How then is the “date of discovery” to be determined? Given the marked disparity in language between the CFCA and federal FCA provisions, decisions interpreting the federal act are inapposite. However, according to the Debro court, analogous language has long been used in other California statutes of limitations. Drawing an analogy with one of those statutes, the court determined that the statute begins to run “upon the discovery by the aggrieved party of the fraud or facts that would lead a reasonably prudent person to suspect fraud.” Id. at 950.

Therefore, each situation involves a detailed examination of the pertinent facts and whether they would suggest to a “reasonably prudent” prosecuting authority on “inquiry notice” that fraud had occurred. However, as a most recent decision makes clear, the qui tam plaintiff is not the “official” who can start the clock running. California ex rel. Hindin v. Hewlett-Packard Co. ,__Cal.Rptr.3d __, 2007 WL 20197 53 (Cal.App. July 13, 2007). So, for all practical purposes, qui tam plaintiffs have a 10 year statute of limitations within which to file a complaint. Id. at 951. See also, State ex rel. Metz v. CCC Information Services, Inc., 149 Cal.App.4th 402 (2007).

B. Key Qui Tam Provision of the CFCA

Purpose of the Qui Tam Provision

Both the federal FCA and the CFCA contain provisions whereby individuals can initiate actions on behalf of the government and share in the proceeds of any recovery. The CFCA provision is found at §12652(b)-(i). Under the federal FCA, these individuals are referred to as “relators”; the CFCA designates them as “qui tam plaintiffs.” In 1986 the qui tam, or private citizen suit provisions of the federal FCA (found at 31 U.S.C. § 3730), were substantially strengthened and liberalized to provide greater incentives relators to come forward and report fraud against the government. Campbell v. Redding Medical Center, 421 F.3d 817, 823 (9 th Cir. 2005). It was apparently this development that led the California legislature to pass the CFCA, including its qui tam provision. See Taylor & Taugher, 25 Pub. Cont. L.J. at 318.

Both the 1986 federal FCA amendments and the creation of the CFCA reflect a considered judgment by government authorities that the seriousness of fraud committed against government is so severe, that it has outstripped the resources of law enforcement mechanisms.4 Hence, drawing upon the concept of “private attorneys general,” the qui tam provisions seek to enhance the government’s ability to fight fraud against the public fisc. And this is certainly the way that things have developed. Both the California and federal governments have discovered that far greater volumes of recoveries are possible with private individuals having the ability to initiate qui tam suits. In addition, many qui tam cases involve allegations that the government would never otherwise have become aware of, because the relators were insiders with unique knowledge.5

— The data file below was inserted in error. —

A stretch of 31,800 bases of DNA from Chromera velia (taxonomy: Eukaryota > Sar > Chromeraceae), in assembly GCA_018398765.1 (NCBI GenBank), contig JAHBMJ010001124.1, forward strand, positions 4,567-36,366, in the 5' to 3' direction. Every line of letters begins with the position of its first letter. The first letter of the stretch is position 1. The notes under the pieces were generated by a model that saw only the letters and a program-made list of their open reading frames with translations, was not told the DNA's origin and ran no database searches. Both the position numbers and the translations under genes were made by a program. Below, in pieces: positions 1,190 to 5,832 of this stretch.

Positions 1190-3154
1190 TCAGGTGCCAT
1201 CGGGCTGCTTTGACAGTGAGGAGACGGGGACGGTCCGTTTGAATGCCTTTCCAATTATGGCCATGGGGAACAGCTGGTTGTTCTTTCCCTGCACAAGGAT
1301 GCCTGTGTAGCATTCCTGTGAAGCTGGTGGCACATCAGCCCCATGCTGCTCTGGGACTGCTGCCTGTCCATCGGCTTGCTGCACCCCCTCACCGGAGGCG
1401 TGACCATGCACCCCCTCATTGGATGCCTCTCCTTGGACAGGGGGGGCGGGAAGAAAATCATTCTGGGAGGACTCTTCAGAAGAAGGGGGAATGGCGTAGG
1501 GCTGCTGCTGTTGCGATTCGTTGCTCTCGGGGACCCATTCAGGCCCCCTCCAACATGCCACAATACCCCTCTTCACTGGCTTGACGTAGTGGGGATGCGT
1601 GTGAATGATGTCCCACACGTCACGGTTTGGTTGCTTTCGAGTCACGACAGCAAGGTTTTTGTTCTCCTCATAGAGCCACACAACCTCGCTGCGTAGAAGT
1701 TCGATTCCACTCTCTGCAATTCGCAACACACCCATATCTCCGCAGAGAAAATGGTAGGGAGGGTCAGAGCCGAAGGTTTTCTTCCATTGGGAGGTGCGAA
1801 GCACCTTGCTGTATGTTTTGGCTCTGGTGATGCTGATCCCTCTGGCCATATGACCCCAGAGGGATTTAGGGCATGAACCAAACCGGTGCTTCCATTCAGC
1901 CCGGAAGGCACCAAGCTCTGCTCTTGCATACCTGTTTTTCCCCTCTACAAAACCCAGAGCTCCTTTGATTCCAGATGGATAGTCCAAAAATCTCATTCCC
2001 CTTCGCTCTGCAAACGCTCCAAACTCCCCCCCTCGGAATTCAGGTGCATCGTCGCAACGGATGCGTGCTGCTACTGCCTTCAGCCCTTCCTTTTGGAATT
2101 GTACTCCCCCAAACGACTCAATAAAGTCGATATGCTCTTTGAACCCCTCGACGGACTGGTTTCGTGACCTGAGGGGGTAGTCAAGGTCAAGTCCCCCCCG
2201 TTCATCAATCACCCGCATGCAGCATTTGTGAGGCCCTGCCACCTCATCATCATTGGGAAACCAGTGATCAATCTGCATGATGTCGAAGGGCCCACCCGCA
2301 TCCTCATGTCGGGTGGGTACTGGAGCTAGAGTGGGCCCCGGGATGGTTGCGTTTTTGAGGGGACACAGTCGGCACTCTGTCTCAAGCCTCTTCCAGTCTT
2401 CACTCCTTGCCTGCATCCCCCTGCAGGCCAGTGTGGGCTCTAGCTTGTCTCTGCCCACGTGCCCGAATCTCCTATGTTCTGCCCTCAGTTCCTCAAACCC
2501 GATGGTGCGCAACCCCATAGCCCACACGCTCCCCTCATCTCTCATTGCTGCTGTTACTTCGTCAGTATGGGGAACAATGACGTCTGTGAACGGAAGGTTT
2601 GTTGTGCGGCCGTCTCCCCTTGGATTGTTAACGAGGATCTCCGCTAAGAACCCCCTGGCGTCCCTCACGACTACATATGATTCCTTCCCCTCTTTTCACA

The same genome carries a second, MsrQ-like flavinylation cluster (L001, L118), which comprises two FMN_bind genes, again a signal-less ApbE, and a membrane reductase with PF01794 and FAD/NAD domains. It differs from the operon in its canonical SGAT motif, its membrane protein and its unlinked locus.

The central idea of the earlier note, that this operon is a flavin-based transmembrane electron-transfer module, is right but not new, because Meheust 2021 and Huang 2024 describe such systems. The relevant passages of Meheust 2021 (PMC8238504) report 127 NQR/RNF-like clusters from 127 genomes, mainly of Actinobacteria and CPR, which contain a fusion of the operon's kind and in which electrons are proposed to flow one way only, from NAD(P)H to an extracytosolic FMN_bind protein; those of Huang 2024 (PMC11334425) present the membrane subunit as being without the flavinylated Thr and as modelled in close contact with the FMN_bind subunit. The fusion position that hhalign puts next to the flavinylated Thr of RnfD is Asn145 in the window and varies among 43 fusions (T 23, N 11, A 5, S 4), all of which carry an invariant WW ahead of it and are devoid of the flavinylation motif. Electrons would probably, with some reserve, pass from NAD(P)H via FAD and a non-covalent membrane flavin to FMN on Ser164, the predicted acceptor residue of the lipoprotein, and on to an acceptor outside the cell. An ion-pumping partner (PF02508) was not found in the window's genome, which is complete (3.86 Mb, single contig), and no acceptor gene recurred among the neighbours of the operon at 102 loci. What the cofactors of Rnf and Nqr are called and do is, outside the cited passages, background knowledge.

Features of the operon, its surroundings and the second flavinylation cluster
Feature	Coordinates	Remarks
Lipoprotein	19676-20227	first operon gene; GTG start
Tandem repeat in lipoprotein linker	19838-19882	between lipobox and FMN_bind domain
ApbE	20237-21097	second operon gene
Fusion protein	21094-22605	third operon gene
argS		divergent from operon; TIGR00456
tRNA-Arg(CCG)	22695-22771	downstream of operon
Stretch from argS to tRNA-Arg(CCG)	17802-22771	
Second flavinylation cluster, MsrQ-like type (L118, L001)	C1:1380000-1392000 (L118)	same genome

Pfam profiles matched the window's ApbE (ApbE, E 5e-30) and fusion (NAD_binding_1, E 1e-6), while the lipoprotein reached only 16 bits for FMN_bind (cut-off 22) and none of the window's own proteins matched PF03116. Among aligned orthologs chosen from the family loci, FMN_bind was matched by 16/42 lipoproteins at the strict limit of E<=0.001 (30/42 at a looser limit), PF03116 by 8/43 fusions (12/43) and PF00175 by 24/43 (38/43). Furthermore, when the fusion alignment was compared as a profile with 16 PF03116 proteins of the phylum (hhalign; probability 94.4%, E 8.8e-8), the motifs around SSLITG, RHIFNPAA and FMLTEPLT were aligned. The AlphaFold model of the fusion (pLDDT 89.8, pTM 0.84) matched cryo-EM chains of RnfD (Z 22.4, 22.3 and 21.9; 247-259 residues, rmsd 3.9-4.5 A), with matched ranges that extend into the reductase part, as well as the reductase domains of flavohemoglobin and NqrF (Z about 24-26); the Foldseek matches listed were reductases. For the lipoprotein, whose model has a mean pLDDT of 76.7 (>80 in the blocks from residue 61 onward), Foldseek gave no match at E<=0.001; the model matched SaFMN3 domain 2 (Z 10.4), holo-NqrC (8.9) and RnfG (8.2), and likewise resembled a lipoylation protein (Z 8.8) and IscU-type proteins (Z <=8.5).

The California legislature attached such great importance to encouraging qui tam actions, that it even wrote into the act inducements which substantially exceed those contained in the FFCA. Under the California Act, if the Attorney General does not intervene in the case, the qui tam plaintiff may recover at least 15 percent but not more than 33 percent of the judgment or settlement. If the government declines to intervene, the qui tam plaintiff can recover between 25 and 50% of any settlement or judgment. See §12652(g)(2) & (3). In addition, the successful qui tam plaintiff is entitled to recover its attorneys fees, costs and expenses. §12652(g)(8).

To further encourage individuals to act as qui tam plaintiffs, the CFCA contains even more extensive “whistleblower” protection than does the federal FCA. See § 12653. For example, in addition to providing protection from retaliation, the section also forecloses an employer from implementing any policy that would prevent employees from disclosing information about fraud to the government. Unlike the FFCA, it also provides for punitive damages for unlawful retaliation.

As is true under the federal act, the CFCA qui tam plaintiff files its complaint in camera and under seal so that it remains secret and unknown to the defendant. It is also the qui tam plaintiff’s responsibility to serve the Attorney General with a copy of the complaint and a disclosure statement comprising all material evidence upon which the complaint is based. The AG then has 60 days to evaluate the complaint and decide whether to intervene or decline intervention. § 12652(c)(4)-(6).

Limitations on Filing Qui Tam Actions

As is true of the federal Act, a qui tam plaintiff can lose its jurisdictional standing if the defendant or the state can demonstrate that its complaint is “based upon” public disclosures of its essential “allegations or transactions.” § 12652(d)(3)(A). However, if the qui tam plaintiff can establish that it is the “original source” of allegations underlying the public disclosure (see § (d)(4)), the so-called “public disclosure bar” will not foreclose jurisdictional standing. See generally, Hawthorne ex rel. Wohlner v. H&C Disposal Co., 109 Cal.App.4th 1668, 1676-79 (2003).